Individual Freedom in Service of the Whole

An interview with Reinoud Mejier of YIP: the International Youth Initiative Project, in Järna, Sweden, by Nicole Asis.

How did YIP evolve from its founding impulse to the program it is today?

The story that I hold for it is that YIP is founded at the Goetheanum. Our statutes even states that it started at the Youth Section: Dorneckstrasse 1, Dornach, Switzerland. This idea stemmed out of the questions “Can you learn while you do? Can you do while learning?“ — with social engagement at the heart of it.

We now live at a time of specialization — that is knowing more about fewer things. This makes sense for a time. But at some point, there needs to be a shift of reflecting “how does this specialization now relate to the whole where it came out of?“ The tendency is that the youth become speed-trained in a particular direction to such an extent that there is no room to reflect because the next assignment comes in. There are no pause buttons in education nowadays. Also, one is only addressed in an intellectual manner, not so much on the socio-emotional level, let alone with regards to practical initiatives.

The founding thought of YIP is in a way a re-authentication of the Social Ethics from Rudolf Steiner. The world is one interconnected living organism and each part of the organism — for its health — depends on its sovereign role and service to the collective. The whole will only be healthy if the role of each person can be found and fulfilled within that collective. And vice versa.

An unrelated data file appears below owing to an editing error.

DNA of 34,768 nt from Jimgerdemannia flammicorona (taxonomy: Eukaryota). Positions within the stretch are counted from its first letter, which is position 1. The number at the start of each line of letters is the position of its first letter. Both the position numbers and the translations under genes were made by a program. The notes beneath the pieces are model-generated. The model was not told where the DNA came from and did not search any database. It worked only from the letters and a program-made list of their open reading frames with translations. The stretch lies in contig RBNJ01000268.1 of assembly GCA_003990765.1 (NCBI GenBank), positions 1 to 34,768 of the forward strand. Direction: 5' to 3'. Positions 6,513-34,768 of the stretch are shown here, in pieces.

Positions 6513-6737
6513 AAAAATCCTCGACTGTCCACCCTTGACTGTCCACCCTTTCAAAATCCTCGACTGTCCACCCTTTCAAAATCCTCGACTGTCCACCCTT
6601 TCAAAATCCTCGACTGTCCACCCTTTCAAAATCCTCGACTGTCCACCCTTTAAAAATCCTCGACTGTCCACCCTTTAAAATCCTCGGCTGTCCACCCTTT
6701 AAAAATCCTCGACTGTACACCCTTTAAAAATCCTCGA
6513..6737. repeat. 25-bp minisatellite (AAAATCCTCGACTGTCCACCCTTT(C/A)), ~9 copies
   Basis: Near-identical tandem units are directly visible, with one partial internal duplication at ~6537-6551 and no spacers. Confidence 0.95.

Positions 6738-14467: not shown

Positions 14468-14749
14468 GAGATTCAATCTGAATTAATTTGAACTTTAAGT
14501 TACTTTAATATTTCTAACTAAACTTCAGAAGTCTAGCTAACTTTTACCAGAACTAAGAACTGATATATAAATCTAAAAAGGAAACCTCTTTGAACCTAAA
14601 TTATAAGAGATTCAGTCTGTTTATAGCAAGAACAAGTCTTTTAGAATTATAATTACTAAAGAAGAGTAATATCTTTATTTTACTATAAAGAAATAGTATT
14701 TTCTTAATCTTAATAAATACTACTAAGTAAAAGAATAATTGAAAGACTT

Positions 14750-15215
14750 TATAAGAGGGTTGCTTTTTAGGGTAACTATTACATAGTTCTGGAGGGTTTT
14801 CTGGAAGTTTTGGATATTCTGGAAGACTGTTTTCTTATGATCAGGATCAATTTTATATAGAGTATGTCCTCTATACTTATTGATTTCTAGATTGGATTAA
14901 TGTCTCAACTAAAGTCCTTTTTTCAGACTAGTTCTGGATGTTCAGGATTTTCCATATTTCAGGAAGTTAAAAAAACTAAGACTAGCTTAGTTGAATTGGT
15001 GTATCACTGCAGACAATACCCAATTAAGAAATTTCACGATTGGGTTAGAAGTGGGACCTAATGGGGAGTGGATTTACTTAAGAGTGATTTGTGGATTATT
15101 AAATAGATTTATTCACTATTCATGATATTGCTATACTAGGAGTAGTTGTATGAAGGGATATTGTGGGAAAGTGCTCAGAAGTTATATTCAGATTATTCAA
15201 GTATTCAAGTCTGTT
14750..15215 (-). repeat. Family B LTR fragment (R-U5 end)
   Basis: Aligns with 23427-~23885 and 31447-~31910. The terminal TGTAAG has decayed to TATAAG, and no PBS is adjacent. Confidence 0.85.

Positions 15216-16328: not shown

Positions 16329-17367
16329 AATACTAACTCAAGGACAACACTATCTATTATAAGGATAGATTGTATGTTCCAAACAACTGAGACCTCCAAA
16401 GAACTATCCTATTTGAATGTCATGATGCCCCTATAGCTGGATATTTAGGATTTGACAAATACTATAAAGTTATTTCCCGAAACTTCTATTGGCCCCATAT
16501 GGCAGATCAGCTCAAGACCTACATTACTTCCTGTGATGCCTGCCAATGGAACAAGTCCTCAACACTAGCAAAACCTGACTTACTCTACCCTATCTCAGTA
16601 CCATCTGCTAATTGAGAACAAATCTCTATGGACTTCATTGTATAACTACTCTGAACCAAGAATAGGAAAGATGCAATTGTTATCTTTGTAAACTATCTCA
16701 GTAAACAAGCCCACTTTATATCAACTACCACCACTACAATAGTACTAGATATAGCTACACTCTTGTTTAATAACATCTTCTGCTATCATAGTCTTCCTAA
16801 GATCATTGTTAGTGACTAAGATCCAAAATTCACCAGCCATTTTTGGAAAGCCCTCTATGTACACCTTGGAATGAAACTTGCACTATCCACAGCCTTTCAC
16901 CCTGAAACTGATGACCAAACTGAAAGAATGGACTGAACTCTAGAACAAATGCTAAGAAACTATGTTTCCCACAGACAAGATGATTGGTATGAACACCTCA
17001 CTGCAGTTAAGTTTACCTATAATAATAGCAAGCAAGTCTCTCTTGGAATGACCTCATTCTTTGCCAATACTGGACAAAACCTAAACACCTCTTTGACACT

What are the current questions of the youth that you integrate in your program nowadays?

What I see as a trend, especially in the western world, is the amount of choice. It is actually not helpful that you can become anything. That moment of choosing is the issue — that when I say yes to one, I am saying no gazillion times minus one. And if you don’t have an idea of who you are or where the needs of the world maybe that can meet what you can offer, then it is quite a difficult choice because it turns out just as a guess. That speaks again for this need of pausing and zooming out.

There is also a challenge for young people in terms of perceiving reality, as a result of digitalization. There is so much abstraction that the reality almost becomes scary. That is why we integrate very rudimentary life skills and activities in the program — daily rhythms, cooking and cleaning together, garden work, singing and the arts.

To summarize, why YIP?

At the core of YIP sits “Freedom & Sovereignty“ — an encouragement, an allowance and a possibility to question, reflect and act, in relation to and in service of the whole.

Image Reinoud Meijer (Ytterjärna, March 2023), Photo: Nicole Asis

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